By Katie Wagner
Boards at companies including Boeing, BJ's Wholesale Club and Armstrong World Industries have been appointing directors with experience in their industries or sectors.
This effort to find new directors with specific backgrounds that are relevant to a company's business is a trend that has been building over the last several years. But the economic crisis has given the trend momentum, especially at companies that have received assistance from the Troubled Asset Relief Program.
Economic turmoil has brought the composition of boards into the spotlight. In some instances, boards have even been blamed for their companies' failures. Critics have questioned whether such boards had the right kinds of directors. Indeed, banking regulators have pushed bank boards to appoint directors with financial experience. Almost all of the recent director appointments at Bank of America and Citigroup have been either bankers or bank regulators.
Failed companies are asking what kinds of directors are needed to get them back on their feet and achieve long-term success, experts say.
Industry or sector knowledge is one of the director attributes board recruiters have recommended. Having such directors on a board can be "like having very senior people at a company that have been there or done that serving as mentors to management," says Dora Vell, who served as a partner in the Heidrick & Struggles technology practice for seven years.
"A lot of my clients ask, 'How do I win in the marketplace?'" says Vell, who is currently CEO with the boutique firm Vell Executive Search. "The CEO is often thinking, 'How do I get strategic advice to help me move out of the potholes?' and that's where industry expertise on the board can be used as a positive tool for growth and advice."
Individuals with expertise in the same sector but different industry are often selected to help a company break into a new industry, Vell adds.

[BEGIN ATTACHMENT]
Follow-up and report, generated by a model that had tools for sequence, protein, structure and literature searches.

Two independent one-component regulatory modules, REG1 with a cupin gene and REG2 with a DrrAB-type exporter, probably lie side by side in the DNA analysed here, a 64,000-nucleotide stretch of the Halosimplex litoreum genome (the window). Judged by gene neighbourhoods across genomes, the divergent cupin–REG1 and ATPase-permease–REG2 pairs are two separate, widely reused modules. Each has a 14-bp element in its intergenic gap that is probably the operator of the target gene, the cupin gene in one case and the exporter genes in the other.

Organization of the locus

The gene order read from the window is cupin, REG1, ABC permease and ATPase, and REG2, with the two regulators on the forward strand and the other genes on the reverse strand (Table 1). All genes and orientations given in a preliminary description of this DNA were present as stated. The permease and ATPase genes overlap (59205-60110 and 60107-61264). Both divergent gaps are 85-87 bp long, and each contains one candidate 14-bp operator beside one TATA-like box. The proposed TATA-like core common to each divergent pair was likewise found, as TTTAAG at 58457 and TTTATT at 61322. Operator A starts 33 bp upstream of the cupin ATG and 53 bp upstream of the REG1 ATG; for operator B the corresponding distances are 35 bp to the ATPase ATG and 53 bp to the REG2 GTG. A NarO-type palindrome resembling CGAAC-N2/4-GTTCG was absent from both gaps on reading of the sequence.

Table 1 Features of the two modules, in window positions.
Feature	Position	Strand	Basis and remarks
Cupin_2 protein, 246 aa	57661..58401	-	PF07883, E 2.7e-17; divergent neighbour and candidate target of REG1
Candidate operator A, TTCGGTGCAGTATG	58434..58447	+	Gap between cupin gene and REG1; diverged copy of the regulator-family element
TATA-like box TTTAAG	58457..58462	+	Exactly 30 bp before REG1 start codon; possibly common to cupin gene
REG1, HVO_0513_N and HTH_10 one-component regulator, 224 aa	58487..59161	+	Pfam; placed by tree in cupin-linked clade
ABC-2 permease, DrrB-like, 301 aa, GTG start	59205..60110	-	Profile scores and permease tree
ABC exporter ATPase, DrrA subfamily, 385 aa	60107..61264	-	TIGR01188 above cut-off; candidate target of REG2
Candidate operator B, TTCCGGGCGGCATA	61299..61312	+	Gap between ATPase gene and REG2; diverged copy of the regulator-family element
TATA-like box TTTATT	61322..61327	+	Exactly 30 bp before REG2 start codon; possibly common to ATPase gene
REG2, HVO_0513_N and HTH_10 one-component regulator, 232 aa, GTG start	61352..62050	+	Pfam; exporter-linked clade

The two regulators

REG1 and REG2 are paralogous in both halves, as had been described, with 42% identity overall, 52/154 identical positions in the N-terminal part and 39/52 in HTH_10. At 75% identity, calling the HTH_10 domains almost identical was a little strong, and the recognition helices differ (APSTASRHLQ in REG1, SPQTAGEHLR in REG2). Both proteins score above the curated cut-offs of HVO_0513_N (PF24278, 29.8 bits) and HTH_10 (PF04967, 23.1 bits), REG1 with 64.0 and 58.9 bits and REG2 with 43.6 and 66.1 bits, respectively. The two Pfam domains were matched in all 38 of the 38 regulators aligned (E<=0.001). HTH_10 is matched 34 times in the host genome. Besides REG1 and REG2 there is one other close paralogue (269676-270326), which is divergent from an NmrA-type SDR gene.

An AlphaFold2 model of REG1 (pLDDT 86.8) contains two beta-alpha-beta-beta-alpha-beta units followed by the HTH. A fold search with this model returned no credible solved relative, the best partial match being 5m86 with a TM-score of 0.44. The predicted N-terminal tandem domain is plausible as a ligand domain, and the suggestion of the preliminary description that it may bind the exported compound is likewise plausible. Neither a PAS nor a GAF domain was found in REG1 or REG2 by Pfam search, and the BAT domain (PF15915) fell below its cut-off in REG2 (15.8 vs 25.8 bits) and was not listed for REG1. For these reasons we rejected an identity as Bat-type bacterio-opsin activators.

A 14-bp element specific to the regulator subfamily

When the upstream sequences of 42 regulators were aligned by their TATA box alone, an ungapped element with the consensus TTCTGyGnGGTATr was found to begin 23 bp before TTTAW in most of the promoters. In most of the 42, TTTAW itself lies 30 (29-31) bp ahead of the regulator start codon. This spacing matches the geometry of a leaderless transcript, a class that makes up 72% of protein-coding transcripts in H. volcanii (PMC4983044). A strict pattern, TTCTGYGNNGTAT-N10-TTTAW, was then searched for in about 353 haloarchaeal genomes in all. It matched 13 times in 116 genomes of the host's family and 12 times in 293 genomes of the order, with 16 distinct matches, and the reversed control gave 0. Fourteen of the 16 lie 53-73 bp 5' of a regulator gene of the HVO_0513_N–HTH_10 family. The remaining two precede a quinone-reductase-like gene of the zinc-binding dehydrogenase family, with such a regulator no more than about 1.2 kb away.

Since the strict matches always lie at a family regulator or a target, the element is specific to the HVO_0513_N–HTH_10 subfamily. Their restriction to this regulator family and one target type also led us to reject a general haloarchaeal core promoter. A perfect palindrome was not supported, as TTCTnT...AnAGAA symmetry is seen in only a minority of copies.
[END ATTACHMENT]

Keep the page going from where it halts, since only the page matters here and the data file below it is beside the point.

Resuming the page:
Regulators are taking a closer look at the qualifications of board members. Over the summer, the SEC expressed increased interest in the backgrounds of individuals serving on boards in all sectors. Specifically, the commission has proposed that boards be required to disclose the experience, attributes and skills that qualify each director candidate to serve on a specific board.
Experts expect the SEC to issue a ruling in favor of the proposal as early as November, just in time for the 2010 proxy season.
It's not just boards caught up in TARP that are recruiting directors with industry or sector expertise. At Boeing, the board elected former vice chairman of the Joint Chiefs of Staff and retired admiral Edmund Giambastiani as a new director on Oct. 7. The new director's "substantial experience on both the acquisition and operational sides of the U.S. military will significantly support the ongoing strategic evolution" of the company, according to a Boeing press release.
Armstrong, a global producer of flooring products and ceiling systems, appointed a partner in charge of the manufacturing/industry division of TPG to its board last month. The new director, Kevin Burns, has a mechanical and metallurgical engineering degree. Burns also previously served as the executive VP and chief materials officer of Solectron, an electronics manufacturing company that was acquired by Flextronics International in 2007.
The newest director for warehouse food retailer BJ's Wholesale Club, Leonard Schlesinger, is a leader across the retail sector, according to a company press release. He has served in several executive positions at Limited Brands, including vice chairman and chief operating officer and president of the company's beauty and personal care group. Computer hardware-focused Advanced Micro Devices, meanwhile, recently appointed former computer software executive Craig Conway. A Sept. 28 company press release announcing Conway's appointment mentions that during Conway's stint as president and CEO of PeopleSoft, the company "grew into the world's second largest provider of enterprise business application software."
During September approximately 66 new director appointments and departures were announced by the boards of public companies with annual revenues of greater than $3 billion, according to Audit Analytics data.
About 47 new directors were appointed last month. The departures comprised roughly 16 resignations, two retirements and one death.
The total number of board changes that occurred in August at companies of similar sizes was fairly consistent with the September total. There were approximately 43 appointments, 14 resignations, and eight retirements announced in August.